The age of the Internet has allowed us to comparison shop like never before, which has its pros and cons. Instead of evaluating products and services based on our needs and requirements, we start evaluating on one component: price.
Low Price Has a Cost
Let’s look at Spirit Airlines, a notoriously cheap alternative to the main airline carriers. However, Spirit charges for carry-on bags. Want to request a seat? Extra charge. Print your boarding pass at the airport? Extra charge. All of the sudden, that “cheap” ticket isn’t actually so cheap anymore.
It’s not enough to look at the price of a product or service, we have to look at the overall cost. But what about the costs that don’t necessarily increase the final price?
High Cost, Low Price
Sometimes the costs aren’t as easy to spot, like the additive fees in the Spirit Airlines example. Sometimes the extra costs come in the form of quality of service.
Let’s examine Wal-Mart. You can find the same products in their stores as other stores, so you aren’t giving up quality of goods. But head to the register. What do you see? Long lines with few registers open. Now try to find someone in the store to help you locate an out-of-stock product; you’ll likely be hunting for hours. The cost you’re now paying? Your time. Convenience. Quality of service.
While these intangible qualities in a product or service aren’t directly translated to the hit on your wallet, they still have to be considered in your buying decision. A cell phone company that offers you the cheapest monthly bill but leaves you with no reception in your home city and a customer service department who can never find a resolution to your problem actually ends up “costing” you a lot more.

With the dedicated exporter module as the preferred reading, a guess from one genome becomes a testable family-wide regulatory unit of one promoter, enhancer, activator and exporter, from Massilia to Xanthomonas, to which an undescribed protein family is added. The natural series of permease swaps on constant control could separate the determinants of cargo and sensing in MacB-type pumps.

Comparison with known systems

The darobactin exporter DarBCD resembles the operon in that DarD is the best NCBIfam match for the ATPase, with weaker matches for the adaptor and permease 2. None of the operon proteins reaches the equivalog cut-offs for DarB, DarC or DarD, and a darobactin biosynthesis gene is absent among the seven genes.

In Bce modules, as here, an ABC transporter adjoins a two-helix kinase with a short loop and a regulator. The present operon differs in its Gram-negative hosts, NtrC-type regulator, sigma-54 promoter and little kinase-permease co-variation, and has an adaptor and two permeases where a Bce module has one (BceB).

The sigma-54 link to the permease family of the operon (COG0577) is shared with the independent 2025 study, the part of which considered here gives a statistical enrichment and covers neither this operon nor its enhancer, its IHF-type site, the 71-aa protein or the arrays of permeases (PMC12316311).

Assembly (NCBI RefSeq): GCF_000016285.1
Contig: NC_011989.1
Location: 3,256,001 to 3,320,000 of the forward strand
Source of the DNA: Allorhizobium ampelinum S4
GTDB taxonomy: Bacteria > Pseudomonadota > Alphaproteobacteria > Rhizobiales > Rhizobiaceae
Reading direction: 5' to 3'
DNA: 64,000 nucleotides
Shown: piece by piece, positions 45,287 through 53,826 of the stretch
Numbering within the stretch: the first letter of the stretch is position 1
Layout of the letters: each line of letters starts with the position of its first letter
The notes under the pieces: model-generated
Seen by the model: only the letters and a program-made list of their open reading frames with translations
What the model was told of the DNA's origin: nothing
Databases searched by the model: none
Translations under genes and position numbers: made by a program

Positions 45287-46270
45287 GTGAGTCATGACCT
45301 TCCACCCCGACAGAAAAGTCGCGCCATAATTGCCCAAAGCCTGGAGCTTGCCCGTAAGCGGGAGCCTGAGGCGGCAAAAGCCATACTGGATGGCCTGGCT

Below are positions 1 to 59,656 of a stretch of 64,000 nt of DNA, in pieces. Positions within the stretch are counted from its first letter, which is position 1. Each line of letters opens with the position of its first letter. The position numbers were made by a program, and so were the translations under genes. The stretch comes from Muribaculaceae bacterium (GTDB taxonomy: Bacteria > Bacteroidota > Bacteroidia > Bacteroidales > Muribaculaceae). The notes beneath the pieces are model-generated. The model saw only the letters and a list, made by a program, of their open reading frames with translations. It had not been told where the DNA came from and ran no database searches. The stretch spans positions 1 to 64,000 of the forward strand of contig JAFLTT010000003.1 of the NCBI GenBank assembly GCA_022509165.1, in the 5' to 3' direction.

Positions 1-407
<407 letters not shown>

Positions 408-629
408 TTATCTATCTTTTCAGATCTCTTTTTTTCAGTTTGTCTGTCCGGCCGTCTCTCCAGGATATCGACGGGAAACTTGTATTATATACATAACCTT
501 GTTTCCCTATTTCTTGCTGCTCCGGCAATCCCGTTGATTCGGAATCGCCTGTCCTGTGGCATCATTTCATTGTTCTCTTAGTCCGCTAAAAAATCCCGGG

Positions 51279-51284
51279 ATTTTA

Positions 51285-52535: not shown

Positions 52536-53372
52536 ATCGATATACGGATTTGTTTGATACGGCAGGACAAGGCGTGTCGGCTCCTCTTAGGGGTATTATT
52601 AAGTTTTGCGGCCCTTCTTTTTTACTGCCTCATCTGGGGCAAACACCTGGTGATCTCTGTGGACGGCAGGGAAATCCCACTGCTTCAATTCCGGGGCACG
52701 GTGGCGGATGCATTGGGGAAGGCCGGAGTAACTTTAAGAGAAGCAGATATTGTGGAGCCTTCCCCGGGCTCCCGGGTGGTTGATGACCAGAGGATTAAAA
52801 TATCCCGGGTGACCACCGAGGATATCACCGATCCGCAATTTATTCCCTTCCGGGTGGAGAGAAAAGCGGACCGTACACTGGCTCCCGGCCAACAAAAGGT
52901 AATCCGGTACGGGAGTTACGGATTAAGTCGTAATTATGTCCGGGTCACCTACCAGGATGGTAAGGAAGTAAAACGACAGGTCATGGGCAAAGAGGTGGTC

How to Evaluate
You need to stop and begin again as you start exploring a new product or service and the first question asked is, “How much?”
Your first question should always be, “What problem am I trying to solve?” Followed by, “What do I gain if I solve this problem?” After answering those questions, you can start sketching out your product/service requirements.
Budgets are tight and people today have a fiduciary responsibility to make sure they are spending their (or their employers’) money the right way. But that doesn’t mean looking for the cheapest price. Your responsibility is getting the right product or service that solves your problem; giving you evident benefits that are greater than the price you paid.
One Last Thought
There’s no judgment in the above examples. Their business models work and both of the companies mentioned are successful. But there’s a bit of caveat emptor that must accompany buying from those companies. You have to know what exactly you’re getting in to, or you’ll experience quite a bit of disappointment.
This process applies when choosing an IT services partner. You can always find cheaper. The question is: at what cost?